Commands by mkc (9)

  • This command is somewhat similar to 'nice', but constrains I/O usage rather than CPU usage. In particular, the '-c3' flag tells the OS to only allow the process to do I/O when nothing else is pending. This dramatically increases the responsiveness of the rest of the system if the process is doing heavy I/O. There's also a '-p' flag, to set the priority of an already-running process.

    ionice -c3 find /
    mkc · 2009-02-19 17:23:12 3
  • The Linux /dev/full file simulates a "disk full" condition, and can be used to verify how a program handles this situation. In particular, several programming language implementations do not print error diagnostics (nor exit with error status) when I/O errors like this occur, unless the programmer has taken additional steps. That is, simple code in these languages does not fail safely. In addition to Perl, C, C++, Tcl, and Lua (for some functions) also appear not to fail safely. Show Sample Output

    perl -e 'print 1, 2, 3' > /dev/full
    mkc · 2009-02-19 17:08:13 2
  • The backslash avoids any 'rm' alias that might be present and runs the 'rm' command in $PATH instead. In a misguided attempt to be more "friendly", some Linux distributions (or sites/etc.) alias 'rm' to 'rm -i'. Unfortunately, this trains users to expect that files won't actually be deleted until they okay it. This expectation will fail with catastrophic results when they use other distributions, move to other sites, etc., and doesn't really even work 100% even with the alias. It's too late to fix 'rm', but '\rm' should work everywhere (under bash).

    \rm somefile
    mkc · 2009-02-19 16:55:54 0
  • This is the setup I'm using for my largest project. It gives 357 lines per page (per side), which makes it fairly easy to carry around a significant amount of code on a few sheets of paper. Try it. (I stick to the 80 column convention in my coding. For wider code, you'll have to adjust this.)

    enscript -E -B -3 -r -s 0 --borders -fCourier4.8 --mark-wrapped-lines=arrow
    mkc · 2009-02-09 06:23:38 1
  • The date command does offset calculations nicely, handles concepts like "a month" as you'd expect, and is good for offsets of at least 100M years in either direction. Show Sample Output

    date --date="1 fortnight ago"
    mkc · 2009-02-06 20:57:59 0
  • strace can be invaluable in trying to figure out what the heck some misbehaving program is doing. There are number of useful flags to limit and control its output, and to attach to already running programs. (See also 'ltrace'.) Show Sample Output

    strace -f -s 512 -v ls -l
    mkc · 2009-02-06 02:45:33 0
  • This is priceless for discovering otherwise invisible characters in files. Like, for example, that stray Control-M at the end of the initial hash bang line in your script, which causes it to generate a mysterious error even though it looks fine. ('od' is the last word, of course, but for many purposes it's much harder to read.)

    cat -A
    mkc · 2009-02-06 02:37:51 0
  • This is a quick and dirty way to generate a (non-floating-point) CPU-bound task to benchmark. Adjust "20" to higher or lower values, as needed. As a benchmark this is probably a little less bogus than bogomips, and it will run anywhere 'bc' does. Show Sample Output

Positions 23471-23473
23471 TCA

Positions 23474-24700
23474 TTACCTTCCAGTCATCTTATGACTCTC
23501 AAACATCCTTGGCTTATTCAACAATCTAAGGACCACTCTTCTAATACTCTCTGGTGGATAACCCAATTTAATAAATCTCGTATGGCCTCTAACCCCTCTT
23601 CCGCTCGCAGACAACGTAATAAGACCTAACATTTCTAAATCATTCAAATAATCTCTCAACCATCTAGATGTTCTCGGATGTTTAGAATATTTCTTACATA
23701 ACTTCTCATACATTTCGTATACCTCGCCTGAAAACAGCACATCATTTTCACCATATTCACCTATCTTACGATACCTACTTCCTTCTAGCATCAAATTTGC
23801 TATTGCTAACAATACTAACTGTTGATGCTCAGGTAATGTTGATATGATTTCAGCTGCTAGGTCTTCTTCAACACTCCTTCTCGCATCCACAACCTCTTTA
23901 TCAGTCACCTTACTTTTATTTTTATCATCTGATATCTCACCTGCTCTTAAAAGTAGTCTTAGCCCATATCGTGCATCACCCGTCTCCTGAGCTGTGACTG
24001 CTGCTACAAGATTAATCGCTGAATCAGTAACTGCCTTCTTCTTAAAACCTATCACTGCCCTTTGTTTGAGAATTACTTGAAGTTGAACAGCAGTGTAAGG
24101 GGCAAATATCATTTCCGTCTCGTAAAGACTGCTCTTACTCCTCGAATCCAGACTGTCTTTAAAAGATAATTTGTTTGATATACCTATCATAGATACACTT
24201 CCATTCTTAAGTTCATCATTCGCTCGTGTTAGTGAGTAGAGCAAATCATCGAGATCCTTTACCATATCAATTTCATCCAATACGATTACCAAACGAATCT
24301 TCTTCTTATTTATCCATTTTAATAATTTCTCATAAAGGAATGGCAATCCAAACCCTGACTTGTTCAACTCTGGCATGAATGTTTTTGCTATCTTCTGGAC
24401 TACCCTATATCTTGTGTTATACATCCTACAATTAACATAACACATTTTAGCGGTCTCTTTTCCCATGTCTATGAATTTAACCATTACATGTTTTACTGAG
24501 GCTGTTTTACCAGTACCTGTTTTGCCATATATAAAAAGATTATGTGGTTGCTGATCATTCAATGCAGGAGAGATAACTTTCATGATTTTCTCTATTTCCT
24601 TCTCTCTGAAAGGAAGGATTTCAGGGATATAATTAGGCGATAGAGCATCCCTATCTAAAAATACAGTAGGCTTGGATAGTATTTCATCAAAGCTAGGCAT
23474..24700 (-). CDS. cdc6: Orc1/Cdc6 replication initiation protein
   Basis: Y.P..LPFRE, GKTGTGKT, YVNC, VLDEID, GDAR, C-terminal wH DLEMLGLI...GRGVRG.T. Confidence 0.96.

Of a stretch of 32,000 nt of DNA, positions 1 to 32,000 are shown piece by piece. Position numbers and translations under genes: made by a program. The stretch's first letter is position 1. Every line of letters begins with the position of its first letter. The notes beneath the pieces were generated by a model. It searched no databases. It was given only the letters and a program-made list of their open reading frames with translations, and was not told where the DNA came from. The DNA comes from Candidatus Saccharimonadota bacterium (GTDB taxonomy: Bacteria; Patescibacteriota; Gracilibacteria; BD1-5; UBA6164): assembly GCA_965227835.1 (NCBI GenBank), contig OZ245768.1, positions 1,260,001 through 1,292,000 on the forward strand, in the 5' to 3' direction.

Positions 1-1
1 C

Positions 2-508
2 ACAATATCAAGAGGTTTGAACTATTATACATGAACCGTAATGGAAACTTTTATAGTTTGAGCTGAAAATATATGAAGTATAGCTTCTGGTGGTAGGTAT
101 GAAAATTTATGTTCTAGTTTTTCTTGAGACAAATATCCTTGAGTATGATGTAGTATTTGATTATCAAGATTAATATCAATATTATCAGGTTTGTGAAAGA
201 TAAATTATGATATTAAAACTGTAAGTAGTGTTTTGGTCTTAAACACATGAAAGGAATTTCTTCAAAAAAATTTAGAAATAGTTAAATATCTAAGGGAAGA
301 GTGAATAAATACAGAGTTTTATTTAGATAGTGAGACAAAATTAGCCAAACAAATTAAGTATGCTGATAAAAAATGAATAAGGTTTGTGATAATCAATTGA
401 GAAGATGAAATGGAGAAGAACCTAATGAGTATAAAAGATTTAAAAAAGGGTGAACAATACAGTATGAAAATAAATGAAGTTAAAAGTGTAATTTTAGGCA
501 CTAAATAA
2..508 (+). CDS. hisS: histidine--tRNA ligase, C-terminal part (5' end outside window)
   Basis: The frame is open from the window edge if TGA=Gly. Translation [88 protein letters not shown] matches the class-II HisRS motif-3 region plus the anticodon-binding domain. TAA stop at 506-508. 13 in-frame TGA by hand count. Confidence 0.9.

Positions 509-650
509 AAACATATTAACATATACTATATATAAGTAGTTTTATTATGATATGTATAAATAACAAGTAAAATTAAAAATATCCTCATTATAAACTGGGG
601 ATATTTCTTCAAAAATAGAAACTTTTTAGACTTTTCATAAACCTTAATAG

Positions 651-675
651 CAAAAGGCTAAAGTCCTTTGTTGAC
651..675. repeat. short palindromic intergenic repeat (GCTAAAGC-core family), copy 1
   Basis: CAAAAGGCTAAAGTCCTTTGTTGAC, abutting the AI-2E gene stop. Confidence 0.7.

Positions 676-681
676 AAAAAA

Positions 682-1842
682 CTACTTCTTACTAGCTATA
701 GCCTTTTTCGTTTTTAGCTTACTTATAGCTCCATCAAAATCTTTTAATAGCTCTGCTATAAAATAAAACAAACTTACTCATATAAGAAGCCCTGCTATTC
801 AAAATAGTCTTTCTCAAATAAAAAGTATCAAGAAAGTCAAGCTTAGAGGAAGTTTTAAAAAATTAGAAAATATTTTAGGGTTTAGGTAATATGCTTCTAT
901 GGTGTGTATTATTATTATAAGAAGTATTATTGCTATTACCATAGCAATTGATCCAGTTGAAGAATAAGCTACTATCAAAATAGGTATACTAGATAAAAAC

echo '2^2^20' | time bc > /dev/null
    mkc · 2009-02-06 02:31:55 1
  • This command repeatedly gets the specified process' stack using pstack (which is an insanely clever and tiny wrapper for gdb) and displays it fullscreen. Since it updates every second, you rapidly get an idea of where your program is stuck or spending time. The 'tac' is used to make the output grow down, which makes it less jumpy. If the output is too big for your screen, you can always leave the 'tac' off to see the inner calls. (Or, better yet--get a bigger screen.) Caveats: Won't work with stripped binaries and probably not well with threads, but you don't want to strip your binaries or use threads anyway. Show Sample Output

    watch -n 1 'pstack 12345 | tac'
    mkc · 2009-02-05 18:17:00 3

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easily trace all Nginx processes
Nginx (and other webservers like Apache) can be awkward to trace. They run as root, then switch to another user once they're ready to serve web pages. They also have a "master" process and multiple worker processes. The given command finds the process IDs of all Nginx processes, joins them together with a comma, then traces all of them at once with "sudo strace." System trace output can be overwhelming, so we only capture "networking" output. TIP: to kill this complex strace, do "sudo killall strace". Compare with a similar command:

Show a config file without comments

Extracting a range of pages from a PDF, using GhostScript
In this example we extract pages 14-17

Exclude .svn, .git and other VCS junk for a pristine tarball
~$ tar --version tar (GNU tar) 1.20

Use color grep by default
Alias the grep command to show colored results by default.

Convert seconds to [DD:][HH:]MM:SS
Converts any number of seconds into days, hours, minutes and seconds. sec2dhms() { declare -i SS="$1" D=$(( SS / 86400 )) H=$(( SS % 86400 / 3600 )) M=$(( SS % 3600 / 60 )) S=$(( SS % 60 )) [ "$D" -gt 0 ] && echo -n "${D}:" [ "$H" -gt 0 ] && printf "%02g:" "$H" printf "%02g:%02g\n" "$M" "$S" }

Find usb device in realtime
Using this command you can track a moment when usb device was attached.

pngcrush all .png files in the directory
Find all pngs in directory structure and pngcrush them, none destructive. You can just remove the "{}.crush" part if you want destructive.

Anti Syn Ddos
Ddos syn attack

Clean up poorly named TV shows.
Replace 'SHOWNAME' with the name of the TV show. Add -n to test the command without renaming files. Check the 'sample output'.

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